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News, Nuggets & Longreads 17 February 2018: Koduõlu, Tmavé Pivo, Buck’s Fizz

Here’s everything that grabbed us in the world of beer and pubs in the past week, from inclusion to IKEA.

Before we start, though, here’s a reminder that other links round-ups are available: Stan Hieronymus posts every Monday (latest) and Alan McLeod has nabbed Thursday. Do take a look if our list below leaves you hungry for more.

Illustration: "Odd One Out".

First up, for Gal-Dem magazine Alexandra Sewell (@wehavelalex) has written about her experience of the British beer scene as a black woman, and explored the possible reasons more black women might not be involved:

Alcohol was never a feature in our family household. My British-born Jamaican mum never kept lowly bottles of brandy hidden in the kitchen cupboards and we weren’t accustomed to anything more than a non-alcoholic “Buck’s Fizz” at Christmas time. As a small kid, Sundays were for church. As a bigger kid, I was too preoccupied with school. And as far as I was concerned, alcohol was something that was out of sight, and therefore entirely out of mind. I knew of it; I knew other people that liked it and drank it, but the only education I had about such a big part of the culture I was born into was from those borderline hilarious Channel 4 documentaries about people binge-drinking and puking up onto the street.

beer reviews pubs

Where's me pilsner to, my luvver?


It may seem odd to go all the way to Bristol and then make Zero Degrees our first stop, given we have a branch of the same brewpub in London. The shameful truth is, though, that we’ve never been to the one in Blackheath,  despite hearing great things about the beer from bloggers and friends.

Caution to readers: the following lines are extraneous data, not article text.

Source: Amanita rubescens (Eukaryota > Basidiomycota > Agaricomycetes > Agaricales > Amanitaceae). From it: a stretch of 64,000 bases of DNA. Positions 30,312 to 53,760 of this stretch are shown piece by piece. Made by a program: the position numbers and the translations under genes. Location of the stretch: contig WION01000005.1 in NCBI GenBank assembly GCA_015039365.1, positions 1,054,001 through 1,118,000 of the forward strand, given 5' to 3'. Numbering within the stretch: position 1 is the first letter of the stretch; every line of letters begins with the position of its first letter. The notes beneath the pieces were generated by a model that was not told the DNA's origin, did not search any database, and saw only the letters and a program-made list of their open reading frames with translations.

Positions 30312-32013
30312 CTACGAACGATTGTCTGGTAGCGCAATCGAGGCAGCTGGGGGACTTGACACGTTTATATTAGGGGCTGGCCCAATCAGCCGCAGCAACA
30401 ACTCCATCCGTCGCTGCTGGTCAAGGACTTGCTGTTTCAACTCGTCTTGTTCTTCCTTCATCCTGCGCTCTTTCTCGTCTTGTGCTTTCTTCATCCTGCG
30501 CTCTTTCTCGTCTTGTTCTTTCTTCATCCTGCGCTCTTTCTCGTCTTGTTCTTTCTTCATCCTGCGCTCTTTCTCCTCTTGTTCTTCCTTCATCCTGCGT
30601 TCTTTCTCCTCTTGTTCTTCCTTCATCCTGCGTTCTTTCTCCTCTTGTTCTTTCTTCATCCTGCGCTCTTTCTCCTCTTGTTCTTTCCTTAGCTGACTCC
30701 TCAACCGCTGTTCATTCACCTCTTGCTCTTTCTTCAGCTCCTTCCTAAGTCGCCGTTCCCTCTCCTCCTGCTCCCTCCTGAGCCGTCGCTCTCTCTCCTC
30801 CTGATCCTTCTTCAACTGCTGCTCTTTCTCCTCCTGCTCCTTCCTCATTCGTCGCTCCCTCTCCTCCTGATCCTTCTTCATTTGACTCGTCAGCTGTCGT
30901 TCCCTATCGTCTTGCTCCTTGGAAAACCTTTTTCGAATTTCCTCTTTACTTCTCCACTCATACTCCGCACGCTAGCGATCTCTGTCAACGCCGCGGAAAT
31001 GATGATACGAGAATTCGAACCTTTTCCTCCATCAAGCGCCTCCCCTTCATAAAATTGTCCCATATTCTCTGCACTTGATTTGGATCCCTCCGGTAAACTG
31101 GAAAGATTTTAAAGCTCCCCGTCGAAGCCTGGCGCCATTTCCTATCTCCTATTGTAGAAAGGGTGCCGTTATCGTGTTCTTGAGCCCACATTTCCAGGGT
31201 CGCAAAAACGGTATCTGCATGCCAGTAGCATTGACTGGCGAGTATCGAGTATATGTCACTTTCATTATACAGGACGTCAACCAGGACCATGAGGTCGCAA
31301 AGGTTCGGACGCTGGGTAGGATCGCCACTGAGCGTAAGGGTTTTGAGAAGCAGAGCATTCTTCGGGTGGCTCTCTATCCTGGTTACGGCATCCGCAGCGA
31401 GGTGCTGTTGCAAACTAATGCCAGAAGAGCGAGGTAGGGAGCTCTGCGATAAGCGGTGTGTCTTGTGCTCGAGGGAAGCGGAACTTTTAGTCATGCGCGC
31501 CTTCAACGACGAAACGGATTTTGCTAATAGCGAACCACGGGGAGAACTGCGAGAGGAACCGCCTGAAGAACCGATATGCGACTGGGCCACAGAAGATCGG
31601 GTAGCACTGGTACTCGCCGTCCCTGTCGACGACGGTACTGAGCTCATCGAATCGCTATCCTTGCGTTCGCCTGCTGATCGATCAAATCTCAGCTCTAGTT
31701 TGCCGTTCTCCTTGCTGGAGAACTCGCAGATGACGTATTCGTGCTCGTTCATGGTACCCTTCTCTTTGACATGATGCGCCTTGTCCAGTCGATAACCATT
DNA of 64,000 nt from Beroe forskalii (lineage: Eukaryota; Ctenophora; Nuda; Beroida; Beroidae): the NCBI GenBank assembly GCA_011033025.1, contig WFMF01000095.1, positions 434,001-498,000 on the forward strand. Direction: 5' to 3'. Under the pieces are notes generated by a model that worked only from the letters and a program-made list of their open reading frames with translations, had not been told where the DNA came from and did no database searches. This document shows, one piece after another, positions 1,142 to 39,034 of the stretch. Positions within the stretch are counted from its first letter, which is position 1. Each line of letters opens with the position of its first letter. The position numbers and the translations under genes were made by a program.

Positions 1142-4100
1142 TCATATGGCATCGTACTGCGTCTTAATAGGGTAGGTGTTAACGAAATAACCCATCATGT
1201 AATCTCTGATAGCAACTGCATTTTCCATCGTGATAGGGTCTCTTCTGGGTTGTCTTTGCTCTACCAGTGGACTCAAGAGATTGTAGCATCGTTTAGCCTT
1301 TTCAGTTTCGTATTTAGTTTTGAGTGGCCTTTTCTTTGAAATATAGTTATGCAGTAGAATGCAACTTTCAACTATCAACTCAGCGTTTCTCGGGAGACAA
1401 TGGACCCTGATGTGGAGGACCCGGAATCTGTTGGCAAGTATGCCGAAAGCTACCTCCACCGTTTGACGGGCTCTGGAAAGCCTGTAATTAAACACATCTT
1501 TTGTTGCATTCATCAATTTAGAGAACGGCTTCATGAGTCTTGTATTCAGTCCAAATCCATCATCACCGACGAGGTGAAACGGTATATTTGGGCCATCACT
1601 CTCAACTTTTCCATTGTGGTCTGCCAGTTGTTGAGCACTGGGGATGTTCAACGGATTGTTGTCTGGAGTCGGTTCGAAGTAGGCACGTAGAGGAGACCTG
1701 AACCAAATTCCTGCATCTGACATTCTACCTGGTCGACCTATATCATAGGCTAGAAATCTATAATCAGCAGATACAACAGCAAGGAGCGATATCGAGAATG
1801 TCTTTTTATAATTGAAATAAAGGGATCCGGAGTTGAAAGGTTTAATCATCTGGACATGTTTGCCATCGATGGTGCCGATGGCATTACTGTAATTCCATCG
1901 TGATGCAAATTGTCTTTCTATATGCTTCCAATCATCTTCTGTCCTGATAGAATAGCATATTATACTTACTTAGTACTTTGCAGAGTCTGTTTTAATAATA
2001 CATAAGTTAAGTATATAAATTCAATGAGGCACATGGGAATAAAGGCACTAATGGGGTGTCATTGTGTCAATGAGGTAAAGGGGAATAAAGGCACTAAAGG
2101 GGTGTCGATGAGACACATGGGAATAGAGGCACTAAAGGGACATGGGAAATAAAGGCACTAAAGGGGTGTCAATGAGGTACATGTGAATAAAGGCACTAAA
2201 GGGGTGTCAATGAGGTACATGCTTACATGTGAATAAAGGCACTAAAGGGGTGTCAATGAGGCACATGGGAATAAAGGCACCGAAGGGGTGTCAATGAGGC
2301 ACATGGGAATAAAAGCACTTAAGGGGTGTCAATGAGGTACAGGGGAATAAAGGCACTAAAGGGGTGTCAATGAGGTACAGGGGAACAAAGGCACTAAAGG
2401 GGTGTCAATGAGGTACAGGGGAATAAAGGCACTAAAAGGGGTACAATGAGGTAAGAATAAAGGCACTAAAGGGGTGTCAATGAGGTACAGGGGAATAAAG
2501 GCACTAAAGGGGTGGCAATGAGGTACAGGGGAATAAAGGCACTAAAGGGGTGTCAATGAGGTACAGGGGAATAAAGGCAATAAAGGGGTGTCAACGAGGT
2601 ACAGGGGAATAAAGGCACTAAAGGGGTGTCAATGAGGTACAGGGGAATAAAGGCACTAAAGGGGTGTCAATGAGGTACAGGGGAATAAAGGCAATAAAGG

On this occasion, the decision was made for us when we’d dragged ourselves up the charming, Dickensian Christmas Steps and spotted that the place was opposite, just as we started to feel peckish and thirsty.

Despite the late-90s trendy warehouse look and aspirational dance-jazz soundtrack, the first thing that struck us was how many families were in, contributing to a German brauhaus atmosphere. The staff were extremely friendly, too, although that seems to be true of Bristolians more generally. We got a smile on approaching the bar; a “be with you in a minute”; a bit of banter during service; and some apparent expertise when it came to the flavour and manufacture of the beer. Impressive stuff.

We started out with the pilsner and one of the specials, continental blonde. The pilsner was bang on, if mainstream — something like tankova Urquell.

The continental blonde was fascinating and delicious. Despite the colour, we think it was actually a clone of a Belgian pale ale, but much fresher tasting than any example of the real thing we’ve had. It was spicy with hints of banana — an absolute treat.

The wheat ale was Belgian style and utterly delicious. Again, the freshness and condition was outstanding. The dark lager was also of a superior quality, as good as the wonderful Bernard Dark, with a besutiful balance of treacle and bitterness. It might almost be as good as U Fleku.

The prices, as Jeff has noted of the London branch, were very competitive for such an apparently swanky place, with regulars at £2.60 specials at £2.90.

A minor quibble, though: does the name refer to the temperature of the bar? Brrrrrr….